I hope the article by a Georgetown University doctoral candidate published in the European edition of Politico does not reflect on the academic level of the University, or on the editorial quality of Politico. For the author who seems to aspire to achieve the highest educational level is an obvious example of writing without sufficient knowledge and research. The faculty members who are guiding him towards his aspired degree may take note of his shoddiness. The author did not follow extensive media reports about Erdogan’s Islamist, Ottomanist, and contemptuous rhetoric on Western policies, some of which appeared even in the same publication as his was published, Politico (e.g. several Steven Cook articles).
The similarities alleged in the article to exist between the two Turkish presidents are “populist nationalism and aggrieved egalitarianism”. Since the author did not define these terms, we have to follow facts. There was no question of nationhood in the Ottoman “ummet” system of religious classification during the khalifate period from 1517 onwards. Atatürk had to revive Turkishness of the earlier Ottoman period in order to found a republic based on “nation-state”, the social cohesion for most states of that time. In other words, Atatürk did not need nationalism for being popular in a democratic competition; he simply introduced a national identity for a new Republic. It is true, however, that Erdogan exploits populist nationalism for his political ends; to fight against Kurds, and to attract votes which otherwise go to the extra-nationalist party (MHP).
As to “aggrieved egalitarianism”, again since the author did not provide his understanding from this term, we will proceed with facts. Atatürk did not have grievances against anything or anybody except against the disappearance of his country from the map due to the incompetence of the Ottoman rule and to the colonial invasion by world powers. He was a popular war hero and a popular reformer president. He tried to elevate the social status of the people, but never mentioned egalitarianism. Whereas, Erdogan is surely aggrieved, an angry, a jealous, a scornful, a vengeful, a half-educated man, who came out of nowhere. He exploits egalitarianism, like he does nationalism, for political means; and, he enriched himself and his cronies through illegal means, built for himself the biggest palace, while mistreating the underprivileged (slapping, degrading, kicking people).
The author’s claim that Erdoğan inherited these traits from Atatürk must be taken as a joke. It is known by the well-read world that Erdogan is the complete opposite of Atatürk. He clearly and loudly repeated, in words and in actions, that he is set out to undo the reforms introduced by Atatürk.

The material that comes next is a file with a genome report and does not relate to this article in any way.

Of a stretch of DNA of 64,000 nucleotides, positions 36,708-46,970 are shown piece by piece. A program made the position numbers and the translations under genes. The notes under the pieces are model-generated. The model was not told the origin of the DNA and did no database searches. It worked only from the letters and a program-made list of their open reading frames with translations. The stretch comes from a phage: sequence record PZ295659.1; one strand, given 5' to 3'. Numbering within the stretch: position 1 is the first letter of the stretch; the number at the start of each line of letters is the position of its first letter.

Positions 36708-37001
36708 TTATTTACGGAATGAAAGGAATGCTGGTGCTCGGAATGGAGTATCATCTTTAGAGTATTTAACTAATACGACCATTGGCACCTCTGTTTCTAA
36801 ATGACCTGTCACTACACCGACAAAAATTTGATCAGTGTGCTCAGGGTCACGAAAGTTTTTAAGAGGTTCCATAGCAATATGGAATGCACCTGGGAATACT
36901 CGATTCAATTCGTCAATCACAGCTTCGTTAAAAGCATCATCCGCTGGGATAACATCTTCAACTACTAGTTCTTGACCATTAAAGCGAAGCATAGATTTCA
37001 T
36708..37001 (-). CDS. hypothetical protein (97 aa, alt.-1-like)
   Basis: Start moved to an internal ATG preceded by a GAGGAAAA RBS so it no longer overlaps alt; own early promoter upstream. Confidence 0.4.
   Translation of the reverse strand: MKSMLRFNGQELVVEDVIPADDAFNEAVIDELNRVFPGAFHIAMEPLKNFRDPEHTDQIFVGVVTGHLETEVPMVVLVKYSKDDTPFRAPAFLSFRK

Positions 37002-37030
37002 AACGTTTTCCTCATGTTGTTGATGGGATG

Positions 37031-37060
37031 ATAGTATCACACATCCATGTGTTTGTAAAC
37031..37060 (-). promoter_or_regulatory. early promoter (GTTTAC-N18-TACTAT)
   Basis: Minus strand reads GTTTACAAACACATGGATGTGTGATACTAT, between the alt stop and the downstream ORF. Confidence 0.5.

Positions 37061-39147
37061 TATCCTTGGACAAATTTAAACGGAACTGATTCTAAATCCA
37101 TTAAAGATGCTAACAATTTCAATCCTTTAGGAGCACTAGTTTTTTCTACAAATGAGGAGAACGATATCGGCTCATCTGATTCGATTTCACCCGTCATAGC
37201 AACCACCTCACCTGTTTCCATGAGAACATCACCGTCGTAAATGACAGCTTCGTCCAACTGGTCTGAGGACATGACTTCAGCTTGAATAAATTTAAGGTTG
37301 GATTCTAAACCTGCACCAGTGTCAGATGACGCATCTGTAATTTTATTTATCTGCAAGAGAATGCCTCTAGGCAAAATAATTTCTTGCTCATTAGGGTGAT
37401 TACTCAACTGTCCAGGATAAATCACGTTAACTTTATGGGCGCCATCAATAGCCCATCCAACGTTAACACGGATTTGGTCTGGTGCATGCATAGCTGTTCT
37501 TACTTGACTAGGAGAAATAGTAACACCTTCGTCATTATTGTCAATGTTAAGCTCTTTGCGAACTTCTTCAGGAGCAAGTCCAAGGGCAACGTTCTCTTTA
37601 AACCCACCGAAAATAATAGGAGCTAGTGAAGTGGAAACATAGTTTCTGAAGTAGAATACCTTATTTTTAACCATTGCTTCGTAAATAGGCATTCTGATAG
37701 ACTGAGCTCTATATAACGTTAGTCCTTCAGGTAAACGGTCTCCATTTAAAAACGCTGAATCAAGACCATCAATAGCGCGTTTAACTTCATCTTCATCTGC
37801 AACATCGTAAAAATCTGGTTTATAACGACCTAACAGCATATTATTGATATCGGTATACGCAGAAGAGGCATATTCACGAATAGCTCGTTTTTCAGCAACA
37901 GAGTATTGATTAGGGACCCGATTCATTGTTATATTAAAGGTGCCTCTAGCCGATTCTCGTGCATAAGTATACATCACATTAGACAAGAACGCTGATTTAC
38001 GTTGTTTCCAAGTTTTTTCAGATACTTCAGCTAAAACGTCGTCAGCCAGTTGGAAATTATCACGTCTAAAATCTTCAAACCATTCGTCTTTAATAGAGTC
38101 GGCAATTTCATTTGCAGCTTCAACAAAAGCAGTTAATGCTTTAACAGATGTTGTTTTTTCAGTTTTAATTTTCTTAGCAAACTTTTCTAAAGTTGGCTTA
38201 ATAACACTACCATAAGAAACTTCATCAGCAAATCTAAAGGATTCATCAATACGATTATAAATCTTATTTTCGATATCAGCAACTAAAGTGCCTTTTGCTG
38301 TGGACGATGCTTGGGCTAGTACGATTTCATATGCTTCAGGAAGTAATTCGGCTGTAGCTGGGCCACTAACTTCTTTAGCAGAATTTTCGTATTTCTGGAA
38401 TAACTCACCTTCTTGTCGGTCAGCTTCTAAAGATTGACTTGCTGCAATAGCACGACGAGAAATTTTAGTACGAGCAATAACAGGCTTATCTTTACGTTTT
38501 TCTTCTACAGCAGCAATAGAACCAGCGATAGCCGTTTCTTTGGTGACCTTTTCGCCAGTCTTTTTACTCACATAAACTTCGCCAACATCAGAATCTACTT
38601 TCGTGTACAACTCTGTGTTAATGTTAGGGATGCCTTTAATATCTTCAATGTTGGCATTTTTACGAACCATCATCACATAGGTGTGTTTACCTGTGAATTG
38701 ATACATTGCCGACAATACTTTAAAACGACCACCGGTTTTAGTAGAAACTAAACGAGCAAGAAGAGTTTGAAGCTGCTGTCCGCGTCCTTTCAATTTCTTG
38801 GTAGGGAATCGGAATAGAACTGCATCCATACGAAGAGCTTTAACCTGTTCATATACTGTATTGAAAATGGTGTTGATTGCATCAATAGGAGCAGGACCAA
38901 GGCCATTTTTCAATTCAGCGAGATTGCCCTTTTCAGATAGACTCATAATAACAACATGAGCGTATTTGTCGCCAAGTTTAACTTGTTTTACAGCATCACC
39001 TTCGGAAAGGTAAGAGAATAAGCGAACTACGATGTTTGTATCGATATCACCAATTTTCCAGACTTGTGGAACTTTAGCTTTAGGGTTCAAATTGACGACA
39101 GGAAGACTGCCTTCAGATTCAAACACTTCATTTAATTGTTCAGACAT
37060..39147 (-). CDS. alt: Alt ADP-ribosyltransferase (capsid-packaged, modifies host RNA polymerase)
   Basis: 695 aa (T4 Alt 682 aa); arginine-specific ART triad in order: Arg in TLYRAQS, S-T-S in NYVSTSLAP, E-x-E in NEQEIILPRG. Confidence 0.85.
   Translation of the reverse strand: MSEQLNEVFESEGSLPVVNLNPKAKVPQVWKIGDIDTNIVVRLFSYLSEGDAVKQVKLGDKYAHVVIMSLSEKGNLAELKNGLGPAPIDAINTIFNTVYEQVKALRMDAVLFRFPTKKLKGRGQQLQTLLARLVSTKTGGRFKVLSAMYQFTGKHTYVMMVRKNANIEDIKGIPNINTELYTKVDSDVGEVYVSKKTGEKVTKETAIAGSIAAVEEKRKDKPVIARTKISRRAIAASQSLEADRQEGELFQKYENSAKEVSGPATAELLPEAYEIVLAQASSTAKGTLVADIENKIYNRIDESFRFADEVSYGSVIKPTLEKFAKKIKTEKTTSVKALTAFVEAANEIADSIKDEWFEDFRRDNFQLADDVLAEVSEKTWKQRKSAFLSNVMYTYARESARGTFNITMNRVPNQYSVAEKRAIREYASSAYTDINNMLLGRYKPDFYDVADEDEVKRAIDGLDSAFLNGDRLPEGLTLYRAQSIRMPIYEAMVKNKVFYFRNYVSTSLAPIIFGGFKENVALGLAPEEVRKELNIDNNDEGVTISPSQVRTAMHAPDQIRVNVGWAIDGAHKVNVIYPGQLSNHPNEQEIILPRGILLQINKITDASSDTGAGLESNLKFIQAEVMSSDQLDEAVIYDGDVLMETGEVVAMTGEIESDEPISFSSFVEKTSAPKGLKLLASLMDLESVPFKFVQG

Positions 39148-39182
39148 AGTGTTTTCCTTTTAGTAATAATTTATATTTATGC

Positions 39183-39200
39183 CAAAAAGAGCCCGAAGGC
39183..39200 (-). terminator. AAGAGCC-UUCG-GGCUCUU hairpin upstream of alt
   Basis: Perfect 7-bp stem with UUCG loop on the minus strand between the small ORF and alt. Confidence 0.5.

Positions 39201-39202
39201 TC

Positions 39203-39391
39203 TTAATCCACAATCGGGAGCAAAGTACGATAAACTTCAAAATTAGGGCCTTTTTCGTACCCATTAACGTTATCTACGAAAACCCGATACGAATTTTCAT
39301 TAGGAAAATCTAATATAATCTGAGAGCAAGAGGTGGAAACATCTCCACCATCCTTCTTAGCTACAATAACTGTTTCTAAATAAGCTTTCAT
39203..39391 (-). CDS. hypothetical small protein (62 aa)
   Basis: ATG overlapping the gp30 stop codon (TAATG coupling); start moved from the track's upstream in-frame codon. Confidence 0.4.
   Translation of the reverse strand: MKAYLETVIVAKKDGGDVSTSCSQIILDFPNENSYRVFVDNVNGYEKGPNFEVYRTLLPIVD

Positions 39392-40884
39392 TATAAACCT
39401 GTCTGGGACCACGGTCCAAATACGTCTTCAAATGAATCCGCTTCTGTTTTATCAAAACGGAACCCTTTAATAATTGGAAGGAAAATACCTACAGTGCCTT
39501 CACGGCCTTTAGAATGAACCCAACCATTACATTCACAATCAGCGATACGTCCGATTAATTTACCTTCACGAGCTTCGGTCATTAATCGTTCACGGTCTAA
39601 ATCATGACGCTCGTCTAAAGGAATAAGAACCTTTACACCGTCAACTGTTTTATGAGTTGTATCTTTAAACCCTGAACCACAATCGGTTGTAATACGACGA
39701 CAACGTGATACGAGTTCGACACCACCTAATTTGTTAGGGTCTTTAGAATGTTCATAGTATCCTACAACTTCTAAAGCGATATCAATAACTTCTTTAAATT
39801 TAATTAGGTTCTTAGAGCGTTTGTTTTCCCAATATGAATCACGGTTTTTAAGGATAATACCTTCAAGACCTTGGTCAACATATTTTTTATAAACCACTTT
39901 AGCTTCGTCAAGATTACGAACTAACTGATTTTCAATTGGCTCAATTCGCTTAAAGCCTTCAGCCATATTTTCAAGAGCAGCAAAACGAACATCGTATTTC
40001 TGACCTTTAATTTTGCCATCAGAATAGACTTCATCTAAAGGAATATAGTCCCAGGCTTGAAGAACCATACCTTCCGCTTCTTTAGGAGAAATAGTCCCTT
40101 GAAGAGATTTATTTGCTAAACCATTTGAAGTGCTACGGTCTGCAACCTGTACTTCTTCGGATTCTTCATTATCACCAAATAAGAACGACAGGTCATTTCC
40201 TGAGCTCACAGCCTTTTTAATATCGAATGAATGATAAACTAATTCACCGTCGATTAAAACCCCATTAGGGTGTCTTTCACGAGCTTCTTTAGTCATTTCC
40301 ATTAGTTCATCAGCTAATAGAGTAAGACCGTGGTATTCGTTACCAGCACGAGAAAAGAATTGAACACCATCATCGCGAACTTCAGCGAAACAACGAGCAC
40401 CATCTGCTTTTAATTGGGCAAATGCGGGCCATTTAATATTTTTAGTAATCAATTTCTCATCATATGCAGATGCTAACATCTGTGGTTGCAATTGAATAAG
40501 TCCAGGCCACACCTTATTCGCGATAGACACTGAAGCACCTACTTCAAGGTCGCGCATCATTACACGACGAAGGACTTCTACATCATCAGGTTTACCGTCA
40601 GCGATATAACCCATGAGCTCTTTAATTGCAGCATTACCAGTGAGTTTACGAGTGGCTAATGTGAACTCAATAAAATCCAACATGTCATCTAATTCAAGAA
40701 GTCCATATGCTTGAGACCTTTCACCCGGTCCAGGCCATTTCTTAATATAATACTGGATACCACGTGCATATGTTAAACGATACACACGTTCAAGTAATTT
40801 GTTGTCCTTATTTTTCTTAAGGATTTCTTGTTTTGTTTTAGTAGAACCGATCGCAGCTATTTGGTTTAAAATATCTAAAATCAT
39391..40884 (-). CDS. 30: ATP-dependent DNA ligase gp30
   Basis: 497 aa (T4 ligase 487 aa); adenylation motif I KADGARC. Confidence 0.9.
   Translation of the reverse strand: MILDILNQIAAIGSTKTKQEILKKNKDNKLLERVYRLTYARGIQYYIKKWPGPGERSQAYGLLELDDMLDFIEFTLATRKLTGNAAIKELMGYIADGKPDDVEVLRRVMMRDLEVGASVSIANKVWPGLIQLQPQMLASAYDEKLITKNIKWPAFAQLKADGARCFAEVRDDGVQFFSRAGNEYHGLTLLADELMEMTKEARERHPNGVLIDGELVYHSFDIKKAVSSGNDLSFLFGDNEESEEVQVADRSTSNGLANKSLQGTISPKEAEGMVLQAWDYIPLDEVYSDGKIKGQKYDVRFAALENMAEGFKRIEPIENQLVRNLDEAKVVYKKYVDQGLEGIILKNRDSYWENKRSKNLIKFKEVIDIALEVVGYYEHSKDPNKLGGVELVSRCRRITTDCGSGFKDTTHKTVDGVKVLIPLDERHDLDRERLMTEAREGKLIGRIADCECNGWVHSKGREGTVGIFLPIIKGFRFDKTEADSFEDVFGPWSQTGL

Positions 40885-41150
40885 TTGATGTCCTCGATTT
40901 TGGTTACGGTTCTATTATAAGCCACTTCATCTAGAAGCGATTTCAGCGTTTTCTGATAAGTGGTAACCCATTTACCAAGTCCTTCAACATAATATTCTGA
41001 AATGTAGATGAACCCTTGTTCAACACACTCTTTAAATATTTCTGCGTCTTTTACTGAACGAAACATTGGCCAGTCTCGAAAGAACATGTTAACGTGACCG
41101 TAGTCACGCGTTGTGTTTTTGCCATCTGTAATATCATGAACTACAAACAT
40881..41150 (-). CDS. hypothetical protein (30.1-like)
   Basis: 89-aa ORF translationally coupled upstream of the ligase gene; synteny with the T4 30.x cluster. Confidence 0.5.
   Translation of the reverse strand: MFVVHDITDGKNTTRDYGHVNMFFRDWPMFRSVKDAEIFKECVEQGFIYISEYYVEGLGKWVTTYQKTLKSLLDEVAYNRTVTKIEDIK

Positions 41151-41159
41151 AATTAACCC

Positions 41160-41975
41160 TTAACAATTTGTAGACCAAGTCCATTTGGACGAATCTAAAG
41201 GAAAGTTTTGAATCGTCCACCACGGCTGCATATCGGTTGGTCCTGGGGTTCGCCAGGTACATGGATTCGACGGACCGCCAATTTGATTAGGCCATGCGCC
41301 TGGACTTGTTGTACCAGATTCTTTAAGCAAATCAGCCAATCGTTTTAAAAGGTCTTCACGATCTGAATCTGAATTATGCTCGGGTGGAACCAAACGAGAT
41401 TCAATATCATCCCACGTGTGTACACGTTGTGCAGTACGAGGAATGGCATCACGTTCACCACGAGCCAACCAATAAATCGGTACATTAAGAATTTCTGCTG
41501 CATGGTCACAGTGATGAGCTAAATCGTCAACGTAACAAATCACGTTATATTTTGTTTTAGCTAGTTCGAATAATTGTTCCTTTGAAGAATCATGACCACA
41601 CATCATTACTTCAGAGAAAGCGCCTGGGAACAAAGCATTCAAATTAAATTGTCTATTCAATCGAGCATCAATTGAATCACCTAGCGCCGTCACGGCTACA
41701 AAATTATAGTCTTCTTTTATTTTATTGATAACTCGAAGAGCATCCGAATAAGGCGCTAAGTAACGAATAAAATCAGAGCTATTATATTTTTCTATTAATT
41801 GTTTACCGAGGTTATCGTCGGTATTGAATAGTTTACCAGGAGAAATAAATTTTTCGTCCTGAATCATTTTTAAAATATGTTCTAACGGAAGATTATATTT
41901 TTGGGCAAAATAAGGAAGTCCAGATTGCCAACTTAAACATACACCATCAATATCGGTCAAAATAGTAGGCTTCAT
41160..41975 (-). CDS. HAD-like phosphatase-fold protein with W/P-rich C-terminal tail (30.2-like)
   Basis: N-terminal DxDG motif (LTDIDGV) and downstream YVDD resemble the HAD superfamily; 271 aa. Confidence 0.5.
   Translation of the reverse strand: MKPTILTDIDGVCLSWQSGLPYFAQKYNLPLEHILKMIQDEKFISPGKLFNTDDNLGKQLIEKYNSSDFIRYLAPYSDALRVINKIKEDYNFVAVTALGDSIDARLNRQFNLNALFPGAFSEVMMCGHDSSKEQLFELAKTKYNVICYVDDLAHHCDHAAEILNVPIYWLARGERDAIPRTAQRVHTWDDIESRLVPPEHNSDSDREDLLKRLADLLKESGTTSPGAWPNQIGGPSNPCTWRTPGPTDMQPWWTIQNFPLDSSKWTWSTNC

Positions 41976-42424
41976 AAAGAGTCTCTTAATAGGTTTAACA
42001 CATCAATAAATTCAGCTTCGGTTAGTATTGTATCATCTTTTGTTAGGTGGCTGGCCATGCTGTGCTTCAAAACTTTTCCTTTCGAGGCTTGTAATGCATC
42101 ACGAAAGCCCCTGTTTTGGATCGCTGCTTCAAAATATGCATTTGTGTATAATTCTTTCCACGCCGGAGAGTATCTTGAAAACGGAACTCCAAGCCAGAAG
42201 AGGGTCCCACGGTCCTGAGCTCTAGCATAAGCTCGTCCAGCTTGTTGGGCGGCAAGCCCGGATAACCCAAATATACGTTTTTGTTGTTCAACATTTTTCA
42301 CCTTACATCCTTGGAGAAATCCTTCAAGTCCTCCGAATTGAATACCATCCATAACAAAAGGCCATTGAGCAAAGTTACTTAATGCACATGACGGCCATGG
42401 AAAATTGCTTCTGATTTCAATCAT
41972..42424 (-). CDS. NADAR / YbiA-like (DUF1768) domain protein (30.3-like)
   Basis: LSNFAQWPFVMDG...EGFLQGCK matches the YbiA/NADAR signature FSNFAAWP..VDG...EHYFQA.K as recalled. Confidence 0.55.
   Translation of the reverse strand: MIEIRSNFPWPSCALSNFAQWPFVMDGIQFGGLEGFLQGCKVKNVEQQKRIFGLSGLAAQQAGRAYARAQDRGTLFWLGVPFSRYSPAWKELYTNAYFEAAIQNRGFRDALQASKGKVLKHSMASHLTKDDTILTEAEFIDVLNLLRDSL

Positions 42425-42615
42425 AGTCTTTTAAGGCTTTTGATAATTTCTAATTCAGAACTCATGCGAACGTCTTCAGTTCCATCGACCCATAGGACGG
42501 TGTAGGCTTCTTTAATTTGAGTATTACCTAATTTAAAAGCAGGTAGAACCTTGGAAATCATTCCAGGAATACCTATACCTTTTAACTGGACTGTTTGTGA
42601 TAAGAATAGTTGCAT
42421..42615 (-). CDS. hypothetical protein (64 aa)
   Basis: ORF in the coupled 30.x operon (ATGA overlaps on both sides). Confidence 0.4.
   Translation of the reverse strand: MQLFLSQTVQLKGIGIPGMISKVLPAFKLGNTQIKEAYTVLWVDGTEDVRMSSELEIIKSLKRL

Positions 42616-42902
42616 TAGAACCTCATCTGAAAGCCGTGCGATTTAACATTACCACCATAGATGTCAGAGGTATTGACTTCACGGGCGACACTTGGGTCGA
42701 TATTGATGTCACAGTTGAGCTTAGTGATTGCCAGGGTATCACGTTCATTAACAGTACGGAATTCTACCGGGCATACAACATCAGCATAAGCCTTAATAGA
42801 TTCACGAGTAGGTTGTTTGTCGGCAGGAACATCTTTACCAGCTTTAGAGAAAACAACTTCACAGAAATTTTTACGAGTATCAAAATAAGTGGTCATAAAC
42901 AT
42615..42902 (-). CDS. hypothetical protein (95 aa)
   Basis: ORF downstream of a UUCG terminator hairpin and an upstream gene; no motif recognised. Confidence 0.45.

The comparison of “Erdoğan’s attacks on Ataturk’s regime bear an uncanny resemblance to Ataturk’s own attacks on the Ottoman sultans” is also ludicrous. Atatürk’s attacks were for saving the country. Erdogan’s attacks are for demolishing the country.
The statement, “the villagers were still waiting to become masters of their country, and they expected Erdoğan to deliver where Ataturk had failed” shows an obvious malevolence on the part of the author. Atatürk was president only fifteen years, yet his accomplishments from nought during a recession-filled inter-war years have been noted by numerous world leaders and thinkers. There were, no doubt, many failures in Turkey’s administration, but they must be attributed to the incompetent leaders that ruled for 64 years after Atatürk. Nevertheless, villagers became masters of their country in the course of that period, not because of Erdogan. Those “masters” elected and keep electing Erdogan to lead them.
The author’s last statement, “Ataturk’s elite ….. the unmistakable Hitler mustaches that many proudly wore as well. Now, as Erdoğan becomes increasingly autocratic, ….. Ataturk’s sins somehow excuse jailing journalists”, is proof of his real motive for writing the article. Because, the mustaches of some of Atatürk’s entourage have nothing to do with the author’s attempt to prove the similarities between the two men as regards “populist nationalism and aggrieved egalitarianism”. This must be a stretch of imagination in desperation to find an explanation for Erdogan’s autocratic rule, which even suggests that the article may have been written under contract, not on facts.
January 2016, sociopoliticalviews.blogspot.com (with permission)